'Take care of all that has been entrusted to you' - the main task of the Pope
Fr Ireneusz Skubis
Many of us asked the question about the Church after John Paul II's death. What challenges and tasks will the successor of the great Pope face?
Who will be the new pope? And now we know the new Holy Father - Benedict XVI - Cardinal Ratzinger, Prefect of the Congregation for the Doctrine of the Faith.
John Paul II was the pope whom the world loved. He was loved by the mature people, the old and the young ones. We saw him at the moment of his death and later when we experienced his funeral. The thought of John Paul II has been made alive today; the press abundantly publishes fragments of his teaching. The secular press also does this in a professional, interesting and elegant way and thus it draws the interest of readers who drink in such themes. However, I think many people have seen good business in this great event and want to use for their own purposes what was the most sacred message of John Paul II. We can see it happen in many media, in election slogans of politicians and political parties, in the world of economy and business. Nevertheless, we must remember that their credibility will be checked by life. In all his life the Holy Father John Paul II was faithful to the Cross, to the Gospel and the teaching of Jesus Christ. Whoever wants to follow him or have him as his/her patron must put his message into practice.
However, resuming the first question, the tasks of the new Pope: the unchanging and fundamental task of all shepherds of the Church is the command of Christ, 'Go, therefore, make disciples of all the nations' (cf. Matthew 28:19; Mark 16:15). On the other hand, the situation is completely different from what it was before and each year brings much new: technical achievements, scientific progress, specific change of mentality. All of this causes the Church to adjust to new times. So did John Paul II in his way of teaching. He could meet the new needs and requirements. The fact that his passing away to God and his funeral were so universally experienced with such great respect and love is among others the effect of his attitude towards the 'newness', among others to media, which play an enormous role in our reality. John Paul II was never afraid of being in the eyes of the whole world, all his pastoral visits - 104 international ones and numerous Italian visits - were reported in a detailed and critical way. He did not close himself in the Vatican but he went out to people. Thus he fulfilled Christ's command, 'Go and make disciples...' His death and funeral prove that people heard his voice and understood his message. The Church has to preserve this sign of the times and must show it.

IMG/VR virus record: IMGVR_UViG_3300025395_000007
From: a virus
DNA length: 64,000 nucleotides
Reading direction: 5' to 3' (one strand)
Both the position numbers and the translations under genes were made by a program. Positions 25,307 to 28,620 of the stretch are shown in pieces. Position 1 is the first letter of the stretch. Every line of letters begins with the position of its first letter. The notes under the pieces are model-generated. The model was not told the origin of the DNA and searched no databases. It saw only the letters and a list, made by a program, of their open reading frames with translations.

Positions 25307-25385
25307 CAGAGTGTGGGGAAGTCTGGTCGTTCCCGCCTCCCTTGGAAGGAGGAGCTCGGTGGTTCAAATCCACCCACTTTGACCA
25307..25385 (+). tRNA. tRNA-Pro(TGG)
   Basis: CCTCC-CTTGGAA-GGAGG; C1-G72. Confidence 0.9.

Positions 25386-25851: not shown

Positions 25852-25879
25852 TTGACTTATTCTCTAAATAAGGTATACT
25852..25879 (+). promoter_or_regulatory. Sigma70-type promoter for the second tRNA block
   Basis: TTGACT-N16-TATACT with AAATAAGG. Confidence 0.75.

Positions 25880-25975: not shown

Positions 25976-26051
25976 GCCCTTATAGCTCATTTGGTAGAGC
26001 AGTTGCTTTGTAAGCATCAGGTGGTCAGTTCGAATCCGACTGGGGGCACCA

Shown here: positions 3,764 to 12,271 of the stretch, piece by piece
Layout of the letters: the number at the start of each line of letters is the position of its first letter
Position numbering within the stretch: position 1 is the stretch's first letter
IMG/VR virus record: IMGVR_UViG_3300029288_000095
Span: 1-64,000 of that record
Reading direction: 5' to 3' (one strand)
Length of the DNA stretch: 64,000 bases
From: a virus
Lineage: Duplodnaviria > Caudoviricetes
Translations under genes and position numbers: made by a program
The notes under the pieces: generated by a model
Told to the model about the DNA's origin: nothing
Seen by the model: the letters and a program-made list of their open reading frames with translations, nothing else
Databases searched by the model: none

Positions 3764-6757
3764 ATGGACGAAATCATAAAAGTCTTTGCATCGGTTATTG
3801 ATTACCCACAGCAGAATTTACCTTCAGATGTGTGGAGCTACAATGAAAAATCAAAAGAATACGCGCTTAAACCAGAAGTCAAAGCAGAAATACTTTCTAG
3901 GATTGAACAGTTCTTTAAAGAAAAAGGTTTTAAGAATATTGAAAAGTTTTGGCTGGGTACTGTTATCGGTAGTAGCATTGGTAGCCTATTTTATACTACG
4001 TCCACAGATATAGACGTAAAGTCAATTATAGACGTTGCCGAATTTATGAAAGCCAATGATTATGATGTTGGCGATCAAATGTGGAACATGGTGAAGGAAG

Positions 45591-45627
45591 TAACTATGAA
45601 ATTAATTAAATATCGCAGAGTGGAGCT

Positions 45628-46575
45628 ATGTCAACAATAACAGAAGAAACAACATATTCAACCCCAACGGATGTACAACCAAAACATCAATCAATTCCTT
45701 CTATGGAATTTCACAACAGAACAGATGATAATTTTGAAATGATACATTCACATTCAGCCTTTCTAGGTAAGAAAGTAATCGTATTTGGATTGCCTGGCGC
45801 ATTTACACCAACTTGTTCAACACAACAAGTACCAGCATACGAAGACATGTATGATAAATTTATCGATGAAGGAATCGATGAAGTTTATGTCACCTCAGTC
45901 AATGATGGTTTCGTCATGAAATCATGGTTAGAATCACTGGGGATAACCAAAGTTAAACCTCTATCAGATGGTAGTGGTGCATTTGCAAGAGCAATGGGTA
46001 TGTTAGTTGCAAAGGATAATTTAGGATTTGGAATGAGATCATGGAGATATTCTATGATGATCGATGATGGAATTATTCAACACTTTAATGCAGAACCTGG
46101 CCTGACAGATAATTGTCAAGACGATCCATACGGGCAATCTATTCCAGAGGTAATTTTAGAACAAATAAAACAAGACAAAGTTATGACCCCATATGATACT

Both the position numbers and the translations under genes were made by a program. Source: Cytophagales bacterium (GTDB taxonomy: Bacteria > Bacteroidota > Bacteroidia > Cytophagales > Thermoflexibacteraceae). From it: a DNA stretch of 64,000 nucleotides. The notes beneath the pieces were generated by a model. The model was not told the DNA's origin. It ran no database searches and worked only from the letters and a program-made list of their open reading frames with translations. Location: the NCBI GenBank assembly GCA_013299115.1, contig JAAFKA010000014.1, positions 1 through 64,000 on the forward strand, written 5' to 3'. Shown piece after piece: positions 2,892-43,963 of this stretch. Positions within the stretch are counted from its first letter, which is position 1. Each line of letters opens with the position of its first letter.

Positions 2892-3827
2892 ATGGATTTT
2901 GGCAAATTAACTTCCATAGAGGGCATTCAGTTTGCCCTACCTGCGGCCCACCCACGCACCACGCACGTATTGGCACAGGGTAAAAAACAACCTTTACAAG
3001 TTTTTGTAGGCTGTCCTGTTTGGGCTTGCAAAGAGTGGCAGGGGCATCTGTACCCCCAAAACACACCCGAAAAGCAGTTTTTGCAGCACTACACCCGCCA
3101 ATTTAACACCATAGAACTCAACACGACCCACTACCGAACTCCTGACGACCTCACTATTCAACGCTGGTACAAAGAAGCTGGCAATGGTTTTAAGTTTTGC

Pope Benedict XVI will also have to face the problem how to proclaim the Gospel. As Cardinal Ratzinger he spoke at Mass inaugurating the conclave and said that above all one should be faithful. Be faithful with the faithfulness, which flows from the love for Christ. It is difficult and unpopular because the contemporary world would like to make everything relative, first of all to make relative moral teaching of the Church, God's commandments, so all that constitutes the value of our faith. The new Holy Father must face the fundamental problem of the Church - faithfulness to Jesus Christ, faithfulness to what the Church professes and what is included in her tradition. And this is not so that the one who is faithful to the spirit of the Gospel is not progressive and modern. Strength, sense and true progress are expressed by faithfulness to morally good principles. The teaching of the Christian Credo will, therefore, constitute the main task of the new Pope who will realise it through his teaching, attitude, example and prayer. John Paul II stressed that the most important task of the pope was prayer.
Therefore, fundamental Christian principles are obligatory to all popes, including those who will be elected in the future. A man of faith cannot undermine, reduce or change what has been entrusted to him. It was exactly that spirit that prevailed in the words of the cardinals who opened the conclave: Credo in unum Deum... I believe in one God... I believe in all the Church teaches. That's why we are sure that every successor of St Peter will always take care of the deposit of the faith since this is the task of Magisterium Ecclesiae - the Teaching Office of the Church.